According to the Tribune, the money has already been seized from several banks, but the Tribune also reports that Castro's former coach at the school is "planning" to sue Castro. It is not clear why the school is able to seize funds based on a planned suit, but perhaps the coach is contemplating a separate law suit from that already initiated by the school. Still, since the Tribune suggests that Castro will counterclaim and claims that the suit is baseless, it is hard to understand how the seizure could have taken place prior to adjudication on the merits. Castro stole only nine bases last year (and was caught stealing six times). He is not a flight risk.
It is also not clear where the $3.6 million figure comes from. The Tribune reports that Castro signed a $60 million deal with the Cubs in 2012. So, he is due a bit under $7 million/year, which he has been paid for one year. Even if the school is due to be paid for the full $60 million, three percent of $60 million is $1.8 million, but why would the school be entitled to be paid before Castro has been paid?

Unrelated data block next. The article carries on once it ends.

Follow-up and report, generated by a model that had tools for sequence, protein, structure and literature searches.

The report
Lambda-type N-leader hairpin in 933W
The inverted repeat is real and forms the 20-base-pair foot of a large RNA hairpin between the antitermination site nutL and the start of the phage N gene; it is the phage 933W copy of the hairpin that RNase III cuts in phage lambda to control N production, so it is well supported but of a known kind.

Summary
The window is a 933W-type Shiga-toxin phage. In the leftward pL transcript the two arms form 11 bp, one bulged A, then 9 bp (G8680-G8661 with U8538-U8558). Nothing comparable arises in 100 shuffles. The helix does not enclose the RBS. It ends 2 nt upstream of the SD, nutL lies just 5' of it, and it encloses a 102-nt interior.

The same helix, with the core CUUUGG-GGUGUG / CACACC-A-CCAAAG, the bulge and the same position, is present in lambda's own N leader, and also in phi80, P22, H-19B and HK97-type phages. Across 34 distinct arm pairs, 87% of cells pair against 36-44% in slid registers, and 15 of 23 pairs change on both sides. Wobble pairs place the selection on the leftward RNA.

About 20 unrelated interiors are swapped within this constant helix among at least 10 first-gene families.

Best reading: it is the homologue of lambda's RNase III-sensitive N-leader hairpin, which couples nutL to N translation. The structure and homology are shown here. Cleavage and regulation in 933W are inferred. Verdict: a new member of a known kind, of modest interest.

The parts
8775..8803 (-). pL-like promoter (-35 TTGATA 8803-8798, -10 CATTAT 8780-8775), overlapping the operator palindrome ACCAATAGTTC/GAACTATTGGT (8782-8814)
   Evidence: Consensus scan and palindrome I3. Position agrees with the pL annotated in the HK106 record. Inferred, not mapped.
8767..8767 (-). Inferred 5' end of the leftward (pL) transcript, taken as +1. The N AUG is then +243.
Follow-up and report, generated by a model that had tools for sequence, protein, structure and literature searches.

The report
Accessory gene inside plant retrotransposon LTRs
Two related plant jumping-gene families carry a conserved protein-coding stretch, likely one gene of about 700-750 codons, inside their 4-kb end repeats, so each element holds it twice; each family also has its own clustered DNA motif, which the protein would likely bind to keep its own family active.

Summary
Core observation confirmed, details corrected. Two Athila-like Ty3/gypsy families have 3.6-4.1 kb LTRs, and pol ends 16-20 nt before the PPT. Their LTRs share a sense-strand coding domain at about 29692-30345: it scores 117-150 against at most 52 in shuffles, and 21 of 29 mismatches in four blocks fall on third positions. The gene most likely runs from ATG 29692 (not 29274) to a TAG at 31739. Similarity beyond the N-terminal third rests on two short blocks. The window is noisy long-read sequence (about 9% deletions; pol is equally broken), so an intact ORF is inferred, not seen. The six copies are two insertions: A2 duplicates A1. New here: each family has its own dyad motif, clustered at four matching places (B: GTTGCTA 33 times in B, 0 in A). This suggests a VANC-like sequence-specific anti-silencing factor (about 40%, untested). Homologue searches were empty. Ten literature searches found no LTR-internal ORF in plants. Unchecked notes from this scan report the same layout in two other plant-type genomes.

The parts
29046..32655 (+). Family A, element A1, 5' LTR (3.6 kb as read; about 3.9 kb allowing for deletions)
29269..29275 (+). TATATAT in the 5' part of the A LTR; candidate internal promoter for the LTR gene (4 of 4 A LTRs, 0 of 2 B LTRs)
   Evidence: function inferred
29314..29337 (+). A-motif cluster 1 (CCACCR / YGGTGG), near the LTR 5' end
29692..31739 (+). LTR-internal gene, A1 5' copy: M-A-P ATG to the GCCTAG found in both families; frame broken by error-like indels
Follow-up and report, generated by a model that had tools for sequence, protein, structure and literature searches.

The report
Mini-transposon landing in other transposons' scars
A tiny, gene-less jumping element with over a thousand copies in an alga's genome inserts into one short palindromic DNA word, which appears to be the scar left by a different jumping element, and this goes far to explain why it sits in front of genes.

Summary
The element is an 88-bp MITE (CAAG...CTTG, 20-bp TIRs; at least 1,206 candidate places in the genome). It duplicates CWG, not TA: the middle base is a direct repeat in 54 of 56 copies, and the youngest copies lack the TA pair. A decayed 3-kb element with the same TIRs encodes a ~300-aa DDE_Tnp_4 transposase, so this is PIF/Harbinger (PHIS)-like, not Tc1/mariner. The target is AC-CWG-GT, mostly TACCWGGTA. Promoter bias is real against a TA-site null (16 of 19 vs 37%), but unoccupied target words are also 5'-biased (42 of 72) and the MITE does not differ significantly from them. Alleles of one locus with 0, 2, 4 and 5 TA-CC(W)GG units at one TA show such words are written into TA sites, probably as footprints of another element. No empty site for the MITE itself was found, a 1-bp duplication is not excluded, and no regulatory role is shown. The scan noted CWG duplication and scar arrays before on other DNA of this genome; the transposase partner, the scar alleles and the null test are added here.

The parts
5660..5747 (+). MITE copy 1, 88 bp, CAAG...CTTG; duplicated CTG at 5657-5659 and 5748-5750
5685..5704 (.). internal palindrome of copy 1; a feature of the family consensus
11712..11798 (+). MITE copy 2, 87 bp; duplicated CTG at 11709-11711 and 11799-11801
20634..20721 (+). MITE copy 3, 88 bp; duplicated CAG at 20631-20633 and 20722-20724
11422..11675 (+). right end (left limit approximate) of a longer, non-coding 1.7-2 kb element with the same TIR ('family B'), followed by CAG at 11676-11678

And just for those of you who have any interest in my occasional gripes about absurd sports salaries. Castro was ranked 22nd among shortstops last year. I'm not certain but I suspect that those rankings are based exclusively on offensive numbers, which is ridiculous when it comes to shortstops, who are key defensive players. Castro's fielding percentage was 26th last year out of 28 shortstops who played more than 100 games. While Castro's offensive numbers were way off last year, his defensive numbers were a bit better than prior years. No shortstops near Castro in the rankings made even half of what he made. But he is guaranteed nearly $7 million a year even if his defense never picks up, he hits a punchless .250 and is as big a threat to get picked off as he is to steal a base. Baseball salaries are no more rational than CEO salaries and both are in need of reform.